On most clear Saturday nights at the George Observatory, you can hear me do live star tours on the observation deck with a green laser pointer. As of now, however, George is closed while Brazos Bend State park dries out from yet another round of floods on the Brazos River. The park could reopen as early as July 12.

Clear Skies!

James G. Wooten
Planetarium Astronomer
Houston Museum of Natural Science

Cloudy Views Through a Clear Lens: George Observatory Anticipates Research Explosion When Wet Weather Dissipates

It’s been a wet, cloudy year for George Observatory, but flooding and poor viewing nights at Brazos Bend State Park haven’t kept astronomers from dreaming. Big breakthroughs have happened at the George in the past, and with a complete restoration of the 36-inch, deep space Gueymard Research Telescope, a return to astronomical research is quite simply a waiting game. And with even more rainfall this week, astronomers will have to wait a little longer. The park will remain closed until at least July 12.

“We couldn’t do research forever because of the lens,” George Director Peggy Halford said, referring to the heavy deposits of grime the telescope suffered during its 50 years standing in the muggy climates of Louisiana State University and west Texas wetlands. “And as soon as we got the lens restored, the park flooded.”

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Photo posted June 3 on Brazos Bend State Park Facebook page. The post reads, “In the history of the park (since 1984), water levels have never been this high.”

 

In spite of this development, both amateur and professional astronomers have been using the past 13 months, April and May 2016 in particular, to prioritize future projects using the refreshed equipment. As water over park roads continues to prevent access to the observatory, and cloud cover access to the night sky, these scientists are keeping their heads in the game through planning and pitching sessions.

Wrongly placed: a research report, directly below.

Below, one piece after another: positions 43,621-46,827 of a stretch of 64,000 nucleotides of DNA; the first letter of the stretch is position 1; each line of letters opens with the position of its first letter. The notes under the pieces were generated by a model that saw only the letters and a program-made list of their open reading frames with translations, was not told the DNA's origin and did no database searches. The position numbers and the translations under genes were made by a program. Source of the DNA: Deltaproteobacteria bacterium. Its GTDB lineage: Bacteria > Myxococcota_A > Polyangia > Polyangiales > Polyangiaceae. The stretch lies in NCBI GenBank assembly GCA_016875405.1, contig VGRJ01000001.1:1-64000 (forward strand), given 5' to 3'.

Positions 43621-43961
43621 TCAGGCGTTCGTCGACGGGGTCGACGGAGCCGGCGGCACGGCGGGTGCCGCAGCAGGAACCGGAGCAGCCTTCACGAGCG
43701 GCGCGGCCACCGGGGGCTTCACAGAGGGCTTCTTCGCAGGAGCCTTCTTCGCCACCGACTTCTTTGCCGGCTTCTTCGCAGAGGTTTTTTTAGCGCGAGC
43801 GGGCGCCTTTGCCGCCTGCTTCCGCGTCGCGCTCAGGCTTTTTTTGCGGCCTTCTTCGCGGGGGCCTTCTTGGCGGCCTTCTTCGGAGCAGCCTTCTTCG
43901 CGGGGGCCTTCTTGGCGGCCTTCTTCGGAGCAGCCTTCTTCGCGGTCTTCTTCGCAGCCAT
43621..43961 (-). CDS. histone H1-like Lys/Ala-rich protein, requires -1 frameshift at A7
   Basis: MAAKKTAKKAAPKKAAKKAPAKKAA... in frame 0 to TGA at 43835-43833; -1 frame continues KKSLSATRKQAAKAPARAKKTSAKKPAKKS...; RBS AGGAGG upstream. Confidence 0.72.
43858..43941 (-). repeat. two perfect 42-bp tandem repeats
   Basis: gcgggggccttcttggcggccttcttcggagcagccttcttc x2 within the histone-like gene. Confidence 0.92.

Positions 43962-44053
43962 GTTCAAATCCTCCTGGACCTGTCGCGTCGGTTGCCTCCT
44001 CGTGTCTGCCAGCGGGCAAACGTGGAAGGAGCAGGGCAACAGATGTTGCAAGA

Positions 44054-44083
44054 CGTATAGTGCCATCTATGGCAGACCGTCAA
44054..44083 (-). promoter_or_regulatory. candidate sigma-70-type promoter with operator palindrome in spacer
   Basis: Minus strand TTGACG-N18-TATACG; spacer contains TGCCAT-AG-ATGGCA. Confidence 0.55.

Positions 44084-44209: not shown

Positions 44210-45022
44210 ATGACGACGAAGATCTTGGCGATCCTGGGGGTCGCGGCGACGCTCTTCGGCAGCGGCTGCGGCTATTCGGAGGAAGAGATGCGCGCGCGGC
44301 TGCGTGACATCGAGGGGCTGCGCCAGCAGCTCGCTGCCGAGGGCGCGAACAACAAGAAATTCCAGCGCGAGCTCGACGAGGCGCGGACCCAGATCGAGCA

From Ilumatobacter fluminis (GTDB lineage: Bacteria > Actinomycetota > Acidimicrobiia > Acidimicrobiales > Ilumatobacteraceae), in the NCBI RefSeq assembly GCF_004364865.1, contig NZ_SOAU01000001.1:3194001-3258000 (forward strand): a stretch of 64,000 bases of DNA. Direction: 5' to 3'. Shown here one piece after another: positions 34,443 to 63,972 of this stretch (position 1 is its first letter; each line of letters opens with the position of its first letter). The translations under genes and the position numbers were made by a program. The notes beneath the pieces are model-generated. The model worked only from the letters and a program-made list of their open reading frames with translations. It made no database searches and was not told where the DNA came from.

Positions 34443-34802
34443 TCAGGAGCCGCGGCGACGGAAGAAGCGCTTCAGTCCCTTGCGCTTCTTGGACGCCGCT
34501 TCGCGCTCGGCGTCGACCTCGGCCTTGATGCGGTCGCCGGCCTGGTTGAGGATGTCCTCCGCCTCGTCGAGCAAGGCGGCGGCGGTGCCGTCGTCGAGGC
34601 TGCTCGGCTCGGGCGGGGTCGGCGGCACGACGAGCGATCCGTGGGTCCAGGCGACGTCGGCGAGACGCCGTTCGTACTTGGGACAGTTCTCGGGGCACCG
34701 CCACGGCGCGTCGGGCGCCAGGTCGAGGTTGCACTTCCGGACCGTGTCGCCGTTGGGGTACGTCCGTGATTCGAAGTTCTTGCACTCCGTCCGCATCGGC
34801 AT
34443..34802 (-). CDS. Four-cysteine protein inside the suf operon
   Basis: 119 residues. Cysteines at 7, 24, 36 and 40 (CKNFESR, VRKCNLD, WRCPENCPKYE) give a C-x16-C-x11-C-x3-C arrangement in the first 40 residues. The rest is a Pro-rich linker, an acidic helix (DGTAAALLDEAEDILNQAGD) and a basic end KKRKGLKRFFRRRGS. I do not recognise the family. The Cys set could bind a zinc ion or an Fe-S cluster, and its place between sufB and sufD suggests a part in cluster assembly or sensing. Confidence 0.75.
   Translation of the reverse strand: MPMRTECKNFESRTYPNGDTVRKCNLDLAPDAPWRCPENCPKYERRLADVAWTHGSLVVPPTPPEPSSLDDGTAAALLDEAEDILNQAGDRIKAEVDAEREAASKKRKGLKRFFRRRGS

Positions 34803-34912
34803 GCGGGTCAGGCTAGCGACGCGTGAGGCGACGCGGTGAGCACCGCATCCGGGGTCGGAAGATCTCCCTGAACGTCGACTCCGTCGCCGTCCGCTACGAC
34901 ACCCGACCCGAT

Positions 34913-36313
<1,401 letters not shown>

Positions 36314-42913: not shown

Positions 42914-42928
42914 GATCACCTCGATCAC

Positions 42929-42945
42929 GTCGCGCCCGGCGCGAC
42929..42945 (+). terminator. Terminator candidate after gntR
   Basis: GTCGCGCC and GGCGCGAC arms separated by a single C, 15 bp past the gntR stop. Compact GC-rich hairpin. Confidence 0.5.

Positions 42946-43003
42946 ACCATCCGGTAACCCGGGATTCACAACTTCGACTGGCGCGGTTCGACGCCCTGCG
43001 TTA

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Photo posted June 2 on Brazos Bend State Park Facebook page. The post reads, “We awoke this morning to find water over Park Road 72 for a roughly 1.25-mile section between Park Headquarters and the Nature Center and a small section between the park entrance and Park Headquarters.”

In an age of computer-guided photometry and NASA probes, the science of star-study from the ground “may not be that glamorous,” Halford offers, but it’s not without significant value. One project idea, for example, involves the study of what happens in space after a supernova goes off, or in science-speak, cataclysmic variable star system follow-up observations.

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Artist’s rendition of a cataclysmic variable star. By Mark A. Garlick.

Not all stars are alone; some come in pairs. Cataclysmic variables are double-star systems that include a super-dense white dwarf and a normal star rapidly orbiting each at a rate of about once an hour. Because the white dwarf is so close to its partner, it strips off material from the normal star’s corona, creating an accretion disk around itself as it accumulates more and more mass..As this energy vacuuming proceeds, unstable matter in the accretion disk occasionally ignites, ejecting a flash of light called a nova. Eventually, the white dwarf will absorb enough of its partner’s energy to detonate a super-massive thermonuclear explosion of incredible power — a supernova. The novae and supernovae of cataclysmic variables are recorded in all cases, but few events are studied, according to Halford.